120 months

Monday 21st October
quotequote all
simon-tigjs said:
A fascinating project At 500 mph they are doing 8.3 miles per minute and this is only ten miles long. If they can reach 200mph in 8 secs which is what you suggest, then could possibly reach 500 mph in 20 secs, leaving a comfortable 40 seconds to brake and come to a standstill allowing for a bit of error. Only its well known that acceleration gets harder the faster you go and the amount of effort and energy needed multiplies at an alarming rate, thus time required to get there . I wish them well but they might just need a bigger playing field. Amazing bravery against all the odds.
The design speed is 1050mph at the same location so if they're struggling to git 500mph runs in they've got a problem.

EdT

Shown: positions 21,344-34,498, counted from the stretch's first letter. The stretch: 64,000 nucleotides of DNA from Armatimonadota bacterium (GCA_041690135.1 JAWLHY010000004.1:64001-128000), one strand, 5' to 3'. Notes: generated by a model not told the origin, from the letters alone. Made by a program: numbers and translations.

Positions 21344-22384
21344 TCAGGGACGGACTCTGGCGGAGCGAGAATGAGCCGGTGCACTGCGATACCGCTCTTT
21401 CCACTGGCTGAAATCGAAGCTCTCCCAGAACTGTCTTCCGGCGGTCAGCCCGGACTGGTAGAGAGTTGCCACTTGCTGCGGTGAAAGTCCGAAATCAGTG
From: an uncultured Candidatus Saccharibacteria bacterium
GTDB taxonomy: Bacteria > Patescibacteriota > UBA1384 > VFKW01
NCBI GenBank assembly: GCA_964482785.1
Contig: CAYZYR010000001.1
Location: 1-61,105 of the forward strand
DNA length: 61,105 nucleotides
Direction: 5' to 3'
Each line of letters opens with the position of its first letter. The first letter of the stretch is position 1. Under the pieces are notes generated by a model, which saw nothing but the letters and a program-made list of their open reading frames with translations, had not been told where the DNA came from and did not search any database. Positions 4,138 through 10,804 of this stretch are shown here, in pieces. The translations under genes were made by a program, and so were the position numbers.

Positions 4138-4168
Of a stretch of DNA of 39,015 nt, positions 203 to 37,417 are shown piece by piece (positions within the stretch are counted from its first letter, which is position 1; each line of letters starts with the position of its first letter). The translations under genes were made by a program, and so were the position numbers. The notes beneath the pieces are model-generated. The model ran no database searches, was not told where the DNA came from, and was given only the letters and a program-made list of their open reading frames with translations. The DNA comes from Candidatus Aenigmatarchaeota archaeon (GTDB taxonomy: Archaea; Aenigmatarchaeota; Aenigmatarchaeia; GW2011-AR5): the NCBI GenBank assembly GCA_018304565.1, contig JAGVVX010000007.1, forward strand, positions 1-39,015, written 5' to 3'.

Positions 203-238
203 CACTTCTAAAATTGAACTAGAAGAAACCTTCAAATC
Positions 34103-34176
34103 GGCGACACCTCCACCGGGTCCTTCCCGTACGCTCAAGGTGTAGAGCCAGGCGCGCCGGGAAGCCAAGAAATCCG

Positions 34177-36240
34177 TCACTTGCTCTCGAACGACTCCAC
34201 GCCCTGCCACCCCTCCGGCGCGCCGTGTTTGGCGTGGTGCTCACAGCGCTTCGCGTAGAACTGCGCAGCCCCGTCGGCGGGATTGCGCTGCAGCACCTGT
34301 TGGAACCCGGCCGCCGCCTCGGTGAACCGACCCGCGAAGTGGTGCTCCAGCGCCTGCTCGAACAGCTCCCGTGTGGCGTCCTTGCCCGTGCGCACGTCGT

4,867 posts

231 months

Monday 21st October
quotequote all
If this goes on much longer Hennessy might get there first!

Watchman

5,578 posts

192 months

Monday 21st October
quotequote all
article said:
Andy was on the throttle for two seconds to reach 200 mph in eight seconds
How does that work? If you're on the throttle for two seconds you're only accelerating for two seconds, aren't you?

RumbleOfThunder

2,933 posts

150 months

Monday 21st October
quotequote all
simon-tigjs said:
A fascinating project At 500 mph they are doing 8.3 miles per minute and this is only ten miles long. If they can reach 200mph in 8 secs which is what you suggest, then could possibly reach 500 mph in 20 secs, leaving a comfortable 40 seconds to brake and come to a standstill allowing for a bit of error. Only its well known that acceleration gets harder the faster you go and the amount of effort and energy needed multiplies at an alarming rate, thus time required to get there . I wish them well but they might just need a bigger playing field. Amazing bravery against all the odds.